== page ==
It’s been a while since a book gripped (bordering on spellbound, almost) me this much. Since I spent entire days curled up in a C, rushing through page after page, hungry to get to the end of a book. It’s been a while since thoughts on love, all kinds of romantic love, have touched, moved and blown me. It’s probably because it’s been so long since a book spoke to me so articulately. So clearly that a swift punch to the gut, followed by a large heavy lump in my throat developed only too often, with disturbing frequency right through this read.
I devoured Essays in Love by Alain de Botton over a rainy weekend. The best kind of weekend, for reading a book like this I think. Forced to stay indoors, with nothing to interrupt your flow except multiple cups of hot drinks brought to you by your significant other, if you’re lucky. Perfect because it’s been so long since a book absorbed me like this one did. And I don’t mean in a way that is gripping because it is entertaining, but gripping because the story literally speaks to you. The words unfurl to tell a tale that is frighteningly familiar. So familiar, it brought back flashes of memories from my past that are probably still rough around the edges. Rough enough to chafe my smug present bliss, leave me grazed, a little raw and on a couple of occasions even had my eyes well up.
I didn’t think love as a concept could affect me so much. I didn’t think I’d go beyond feeling goosebumps when I read Neruda, or feel mushy in my stomach when I watch a special rom-com, or feeling that happy sense of calm satisfaction when I see friends in love. But Essays in Love went beyond that. It took love out of the realm of that thing that you see, touch, watch on the outside, and put it inside my head, reminded me of every instance that I have felt and experienced every single detail in the course of the story.
The narrative is a straightforward love story, that traces the various phases of love, from what starts as a blind infatuation the author feels for Chloe, which gradually crosses over into familiarity over several dates, to intimacy, over-familiarity and finally that point beyond where relationships self-destruct and then one is left with the immense weight of heart-break. Except Alain de Botton doesn’t just tell a story, he brings love under the philosophical microscope, simple and beautifully analyzes every situation, instance, every emotion and every point in the world’s most common and predictable journey, from a thoughtful and reflective angle.
Love, simple as it is, is viewed through the lens of Fatalism, Marxism, Liberalism, Beauty, Intimacy and everything in between. And if you have been there before, you’ll feel a wide variety of emotions reading about it in this book. Ranging from furious nodding in agreement, to an overwhelming sense of relief that a feeling you didn’t think anyone else would understand is perfectly articulated, to several stiff blows to your gut and finally the calm of reassurance that you are never really alone in your experience. No matter how personal, someone somewhere else has felt the same way, down to every little disturbing last detail. For anyone who has been in a relationship (and I’m pretty sure most of us have) that has traversed this curve, the book will probably hit home.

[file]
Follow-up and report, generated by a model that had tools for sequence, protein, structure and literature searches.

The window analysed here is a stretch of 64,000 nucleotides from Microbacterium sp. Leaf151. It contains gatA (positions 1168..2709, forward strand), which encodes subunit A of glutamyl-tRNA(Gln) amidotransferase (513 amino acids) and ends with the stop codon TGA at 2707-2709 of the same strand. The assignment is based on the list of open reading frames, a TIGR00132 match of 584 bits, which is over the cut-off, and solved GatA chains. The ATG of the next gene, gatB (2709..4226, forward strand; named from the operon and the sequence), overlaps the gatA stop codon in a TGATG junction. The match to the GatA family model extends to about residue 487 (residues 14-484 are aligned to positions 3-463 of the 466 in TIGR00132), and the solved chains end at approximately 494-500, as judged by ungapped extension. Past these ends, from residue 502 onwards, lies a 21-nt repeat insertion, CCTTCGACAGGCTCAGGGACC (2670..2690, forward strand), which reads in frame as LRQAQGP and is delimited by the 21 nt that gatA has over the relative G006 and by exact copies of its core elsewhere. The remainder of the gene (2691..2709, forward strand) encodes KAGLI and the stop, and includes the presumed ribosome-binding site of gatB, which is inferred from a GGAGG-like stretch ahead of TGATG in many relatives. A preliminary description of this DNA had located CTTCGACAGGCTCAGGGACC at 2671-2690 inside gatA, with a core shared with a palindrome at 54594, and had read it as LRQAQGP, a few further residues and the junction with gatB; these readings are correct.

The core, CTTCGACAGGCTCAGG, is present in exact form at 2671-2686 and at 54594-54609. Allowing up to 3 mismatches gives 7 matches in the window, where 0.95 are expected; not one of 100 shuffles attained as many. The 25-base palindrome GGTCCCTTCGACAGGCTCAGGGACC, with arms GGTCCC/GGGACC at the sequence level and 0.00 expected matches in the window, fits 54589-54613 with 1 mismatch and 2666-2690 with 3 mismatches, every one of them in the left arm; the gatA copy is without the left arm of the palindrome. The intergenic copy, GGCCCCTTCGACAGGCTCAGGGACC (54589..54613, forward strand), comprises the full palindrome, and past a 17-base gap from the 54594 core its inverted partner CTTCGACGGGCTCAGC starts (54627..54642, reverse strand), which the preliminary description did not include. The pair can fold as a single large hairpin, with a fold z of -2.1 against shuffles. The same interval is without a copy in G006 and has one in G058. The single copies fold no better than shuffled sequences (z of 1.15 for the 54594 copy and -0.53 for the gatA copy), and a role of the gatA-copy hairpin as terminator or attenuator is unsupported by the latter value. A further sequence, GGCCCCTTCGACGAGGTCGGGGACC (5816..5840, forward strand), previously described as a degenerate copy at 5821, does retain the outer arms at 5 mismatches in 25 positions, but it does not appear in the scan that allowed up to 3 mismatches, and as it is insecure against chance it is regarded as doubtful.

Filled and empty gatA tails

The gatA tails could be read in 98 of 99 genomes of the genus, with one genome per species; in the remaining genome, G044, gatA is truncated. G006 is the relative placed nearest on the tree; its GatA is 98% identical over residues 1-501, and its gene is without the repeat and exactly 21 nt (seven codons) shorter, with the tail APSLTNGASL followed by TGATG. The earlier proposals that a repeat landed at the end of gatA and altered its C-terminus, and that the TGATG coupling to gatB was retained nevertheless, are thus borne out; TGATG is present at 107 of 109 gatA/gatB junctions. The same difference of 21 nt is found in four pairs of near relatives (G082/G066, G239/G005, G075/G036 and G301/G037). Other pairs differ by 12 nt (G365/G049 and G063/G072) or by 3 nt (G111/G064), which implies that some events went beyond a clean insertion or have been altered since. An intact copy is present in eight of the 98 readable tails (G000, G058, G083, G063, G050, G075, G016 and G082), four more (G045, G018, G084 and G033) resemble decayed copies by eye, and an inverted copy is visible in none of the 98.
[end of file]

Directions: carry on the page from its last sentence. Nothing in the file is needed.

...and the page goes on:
Every chapter had a couple of lines that took my breath away. There are just too many to list actually.
Far too many excerpts spoke to me, like someone was penning the events of a few years of my life. But the surprising thing was that while I started off relating to the author’s side of the tale, towards the end of the book I found I was more like Chloe in her behaviour and the way she dealt with the end of her relationship. It was the first time I was forced to sit down and actually see what those few months of difficulty with heartbreak might have been for my ex.
After the emotional spin-dry session the book took me though, wringing every possible emotion out of me, the end was a delight. Putting a positive, happy and very realistic spin in a chapter titled “Love Lessons” I found myself smiling again, and wanting to open out a few older chapters to re-read them.
That’s the good thing about the book. Every chapter deals with a phase, a new analysis and even though the narrative follows a sequential progression, it is so loaded with powerful lines and beautiful turn of phrase that it is the kind of book that you can go to every now and then, open a random page, read a few paragraphs, shut it and let the words linger around in your head.
If you’ve been in love, if you’ve loved and lost, if you’ve been hurt in love, if you’ve been lucky with love — read it.
“Perhaps it is true that we do not really exist until there is someone there to see us existing, we cannot properly speak until there is someone there who can understand what we are saying, in essence, we are not wholly alive until we are loved.” — Alain de Botton, Essays in Love